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Unformatted text preview: . Because the security is first sold with a conversion
price above the current market price of the firm’s stock, conversion is initially not
attractive. The issuer of a convertible could alternatively sell common stock, but
only at or below its current market price. By selling the convertible, the issuer in
effect makes a deferred sale of common stock. As the market price of the firm’s
common stock rises to a higher level, conversion may occur. Deferring the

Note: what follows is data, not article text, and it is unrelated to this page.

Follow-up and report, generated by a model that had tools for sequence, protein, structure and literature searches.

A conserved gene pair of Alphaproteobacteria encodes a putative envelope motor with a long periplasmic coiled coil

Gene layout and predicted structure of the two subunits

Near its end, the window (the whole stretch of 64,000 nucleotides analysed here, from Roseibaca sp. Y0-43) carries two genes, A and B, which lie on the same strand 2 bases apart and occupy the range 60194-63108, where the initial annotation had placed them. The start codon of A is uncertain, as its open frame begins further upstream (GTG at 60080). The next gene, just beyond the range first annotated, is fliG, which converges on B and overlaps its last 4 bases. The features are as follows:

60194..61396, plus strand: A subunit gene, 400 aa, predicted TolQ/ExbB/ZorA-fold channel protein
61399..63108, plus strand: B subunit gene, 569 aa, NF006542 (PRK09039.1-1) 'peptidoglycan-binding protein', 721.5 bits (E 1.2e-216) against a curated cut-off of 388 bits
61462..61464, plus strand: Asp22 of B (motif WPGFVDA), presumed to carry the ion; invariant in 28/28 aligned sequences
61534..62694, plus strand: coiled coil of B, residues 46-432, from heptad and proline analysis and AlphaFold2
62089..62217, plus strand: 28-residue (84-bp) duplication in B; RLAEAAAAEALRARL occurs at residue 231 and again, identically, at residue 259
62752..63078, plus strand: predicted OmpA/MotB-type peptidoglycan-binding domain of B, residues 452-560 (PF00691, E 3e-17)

issuance of new common stock until the market price of the stock has increased
means that fewer shares will have to be issued, thereby decreasing the dilution of
both ownership and earnings.
Another motive for convertible financing is its use as a “sweetener” for
financing. Because the purchaser of the convertible is given the opportunity to
become a common stockholder and share in the firm’s future success, convertibles can be normally sold with lower interest rates than nonconvertibles. Therefore, from the firm’s viewpoint, including a conversion feature reduces the
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- Fall '13